Renowned journalist joins U of G as University research professor in art criticism
BY RACHELLE COOPER
One of Canada's best-known cultural journalists has joined U of G's fine art faculty. Robert Enright, editor-at-large of Border Crossings magazine, is a new University research professor in art criticism.
Enright, who spent 25 years as an art critic for CBC and regularly contributes to the Globe and Mail and international art magazines Art News, Modern Painters and Art Review, will spend winter semesters teaching in the MFA program.
“I'm enormously humbled and happy to be here,” says Enright, who will spend the rest of the year living in Winnipeg with his partner, writer Meeka Walsh, who edits Border Crossings. “There's no better job for me than this one. I'm entranced by the idea of intellectual exchange.”
Enright's relationship with the School of Fine Art and Music (SOFAM) began three years ago when he was invited to give a lecture on American contemporary and realist painter Eric Fischl. Enright is the author of Eric Fischl: 1970-2000 and has contributed to several other books on artists, including Tony Tascona: Resonance and Don Reichert: A Life in Work.
During his visit to Guelph, Enright met with students in the MFA program and was impressed by their work and the program.
“The magazine thrives on young artists, so I was delighted to visit and see the work of 10 students. It was then that we initiated the possibility of coming back at some point.”
Enright arrived on campus in early January and is focusing on discussing contemporary issues in art and writing with Guelph's 12 MFA students.
“The department here determines that, if you're going to be a practising artist, you also have to be able to handle language and know what the issues are, and you have to be able to talk about them and write about them. I think that will hold the students in good stead in the future.”
SOFAM director Prof. John Kissick says he's thrilled to have Enright on campus.
“Robert Enright is one of the country's most eloquent, incisive and prolific thinkers on contemporary culture,” he says. “His thoughtful and empathic writing on the visual arts has, over the past 20 years, made his voice among the most respected and recognized in the field. His presence on our faculty ensures that our fine art program will continue to be considered one of the very finest of its kind in Canada.”
Enright, who studied English in his formal education, says he has been self-trained in visual arts. “I learned everything about visual art by looking.”
When he was hired by CBC Radio — the employer of his well-known cousin, Michael Enright — as an arts critic, he was sent all over North America to interview artists. “The learning curve was really steep. I felt privileged that I was thrown in and obliged to sink or swim.”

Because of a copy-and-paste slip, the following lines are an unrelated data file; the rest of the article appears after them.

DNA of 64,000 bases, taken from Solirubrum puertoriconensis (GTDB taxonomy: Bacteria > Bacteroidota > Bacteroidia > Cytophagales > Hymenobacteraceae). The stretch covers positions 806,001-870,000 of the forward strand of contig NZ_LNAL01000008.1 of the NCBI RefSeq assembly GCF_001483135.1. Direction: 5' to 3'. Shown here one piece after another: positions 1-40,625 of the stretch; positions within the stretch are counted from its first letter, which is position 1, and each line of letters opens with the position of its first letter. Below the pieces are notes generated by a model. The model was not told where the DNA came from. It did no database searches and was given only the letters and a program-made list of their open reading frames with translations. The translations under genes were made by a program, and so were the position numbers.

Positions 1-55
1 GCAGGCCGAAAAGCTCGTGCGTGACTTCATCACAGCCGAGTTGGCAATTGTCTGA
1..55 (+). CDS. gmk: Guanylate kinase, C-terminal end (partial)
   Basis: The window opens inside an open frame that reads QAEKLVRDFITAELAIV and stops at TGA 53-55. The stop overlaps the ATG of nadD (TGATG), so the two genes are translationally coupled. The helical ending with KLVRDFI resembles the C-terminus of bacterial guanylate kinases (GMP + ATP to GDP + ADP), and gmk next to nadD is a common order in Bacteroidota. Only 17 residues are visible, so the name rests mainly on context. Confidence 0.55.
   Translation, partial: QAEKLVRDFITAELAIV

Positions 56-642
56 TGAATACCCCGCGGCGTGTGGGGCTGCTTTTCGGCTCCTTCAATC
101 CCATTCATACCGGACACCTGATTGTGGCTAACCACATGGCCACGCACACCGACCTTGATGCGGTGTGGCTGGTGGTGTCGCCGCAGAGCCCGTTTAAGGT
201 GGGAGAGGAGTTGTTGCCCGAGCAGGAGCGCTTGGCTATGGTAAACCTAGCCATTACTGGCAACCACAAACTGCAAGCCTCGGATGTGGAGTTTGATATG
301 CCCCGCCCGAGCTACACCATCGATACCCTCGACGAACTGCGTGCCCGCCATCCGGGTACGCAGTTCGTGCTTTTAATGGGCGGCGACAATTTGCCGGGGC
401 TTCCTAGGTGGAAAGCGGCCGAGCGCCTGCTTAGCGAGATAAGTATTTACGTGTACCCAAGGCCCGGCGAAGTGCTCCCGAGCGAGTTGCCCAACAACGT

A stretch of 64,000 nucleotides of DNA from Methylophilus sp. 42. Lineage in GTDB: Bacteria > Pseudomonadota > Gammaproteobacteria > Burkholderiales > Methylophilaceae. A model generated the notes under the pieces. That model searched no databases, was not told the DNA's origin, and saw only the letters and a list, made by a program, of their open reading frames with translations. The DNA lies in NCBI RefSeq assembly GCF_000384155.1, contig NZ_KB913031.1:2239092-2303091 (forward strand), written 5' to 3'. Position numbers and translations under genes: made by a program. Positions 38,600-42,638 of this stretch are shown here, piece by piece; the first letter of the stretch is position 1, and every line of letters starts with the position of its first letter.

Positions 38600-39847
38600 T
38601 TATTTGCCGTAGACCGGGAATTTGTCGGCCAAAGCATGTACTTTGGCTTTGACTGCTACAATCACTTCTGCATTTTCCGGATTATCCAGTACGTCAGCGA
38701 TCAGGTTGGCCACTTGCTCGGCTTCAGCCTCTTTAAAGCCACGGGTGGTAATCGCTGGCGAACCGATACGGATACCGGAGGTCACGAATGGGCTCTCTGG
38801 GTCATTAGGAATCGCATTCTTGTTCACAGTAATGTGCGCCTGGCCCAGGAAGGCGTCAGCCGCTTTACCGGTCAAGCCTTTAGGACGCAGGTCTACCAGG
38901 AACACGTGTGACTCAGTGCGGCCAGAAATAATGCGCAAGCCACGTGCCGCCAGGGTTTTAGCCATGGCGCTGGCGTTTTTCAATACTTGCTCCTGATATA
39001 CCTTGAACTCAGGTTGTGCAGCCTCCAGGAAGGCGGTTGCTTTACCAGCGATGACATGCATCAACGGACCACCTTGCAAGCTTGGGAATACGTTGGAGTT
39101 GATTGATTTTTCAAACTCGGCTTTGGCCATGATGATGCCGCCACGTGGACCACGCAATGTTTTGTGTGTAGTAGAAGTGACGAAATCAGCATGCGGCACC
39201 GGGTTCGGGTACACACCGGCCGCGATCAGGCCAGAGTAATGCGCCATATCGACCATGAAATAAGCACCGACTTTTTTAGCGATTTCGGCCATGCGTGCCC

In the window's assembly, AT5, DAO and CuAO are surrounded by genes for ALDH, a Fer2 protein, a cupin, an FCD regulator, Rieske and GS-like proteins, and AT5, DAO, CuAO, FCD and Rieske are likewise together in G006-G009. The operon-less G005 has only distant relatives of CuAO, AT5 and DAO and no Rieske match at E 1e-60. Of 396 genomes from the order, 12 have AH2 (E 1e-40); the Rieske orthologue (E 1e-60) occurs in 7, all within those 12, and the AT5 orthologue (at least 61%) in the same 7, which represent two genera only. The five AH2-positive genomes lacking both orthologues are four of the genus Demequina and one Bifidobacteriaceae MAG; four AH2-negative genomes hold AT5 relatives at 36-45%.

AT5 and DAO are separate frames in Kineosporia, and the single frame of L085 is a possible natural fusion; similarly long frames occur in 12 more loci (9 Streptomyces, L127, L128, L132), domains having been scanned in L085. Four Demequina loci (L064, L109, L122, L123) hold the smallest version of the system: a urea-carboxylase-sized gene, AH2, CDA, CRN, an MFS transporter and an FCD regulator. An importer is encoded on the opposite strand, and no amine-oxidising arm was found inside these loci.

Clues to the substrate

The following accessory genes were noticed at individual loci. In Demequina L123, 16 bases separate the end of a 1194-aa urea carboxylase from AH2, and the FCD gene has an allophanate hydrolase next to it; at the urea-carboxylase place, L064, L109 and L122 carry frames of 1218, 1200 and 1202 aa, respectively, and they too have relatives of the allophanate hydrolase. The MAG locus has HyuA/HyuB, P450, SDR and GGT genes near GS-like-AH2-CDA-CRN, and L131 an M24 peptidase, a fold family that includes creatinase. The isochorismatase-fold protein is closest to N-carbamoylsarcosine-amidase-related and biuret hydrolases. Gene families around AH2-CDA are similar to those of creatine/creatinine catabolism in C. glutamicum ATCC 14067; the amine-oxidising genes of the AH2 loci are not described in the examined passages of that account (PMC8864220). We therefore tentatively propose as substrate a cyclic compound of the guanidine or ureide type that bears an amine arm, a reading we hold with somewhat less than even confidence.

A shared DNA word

He not only managed to float as a cultural journalist but also founded Border Crossings, the world's most respected quarterly arts magazine, which is now in its 23rd year.
Journalist Robert Fulford commented in an article for the National Post that “writers in Border Crossings accomplish, better than most, the critic's most difficult task: communicating art ideas to non-artists and artists alike, explaining what matters to the first group without boring or appalling the second. Enright conducts for Border Crossings some of the best published interviews in the country. He has a way of eliciting frankness from artists.”
A collection of Enright's interviews were published by Bain & Cox in a 1997 book called Peregrinations: Conversations With Contemporary Artists. In addition to writing about visual artists, he has conducted interviews and reviewed works in the theatre, dance, film and performance art worlds.
“I've always been a border crosser, and the magazine was based on the premise that artists never looked at only one thing,” he says. “I never think of writing about art as a singular thing. I think of it as being about the way we structure the experience of our lives in a very focused way that is often fed by the most unusual or curious things.”
Although some artists fear having their work reviewed by an arts critic, Enright says he tends to write about things he is passionate about.
“I think the act of good criticism is an act of congenial intelligence and rigorous generosity. That's always what's guided me. If you bring a preconceived set of conditions to art, you're not going to see it.”
On March 28, Enright will give a talk on beauty at 7 p.m. in Room 114 of the MacKinnon Building.
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University of Guelph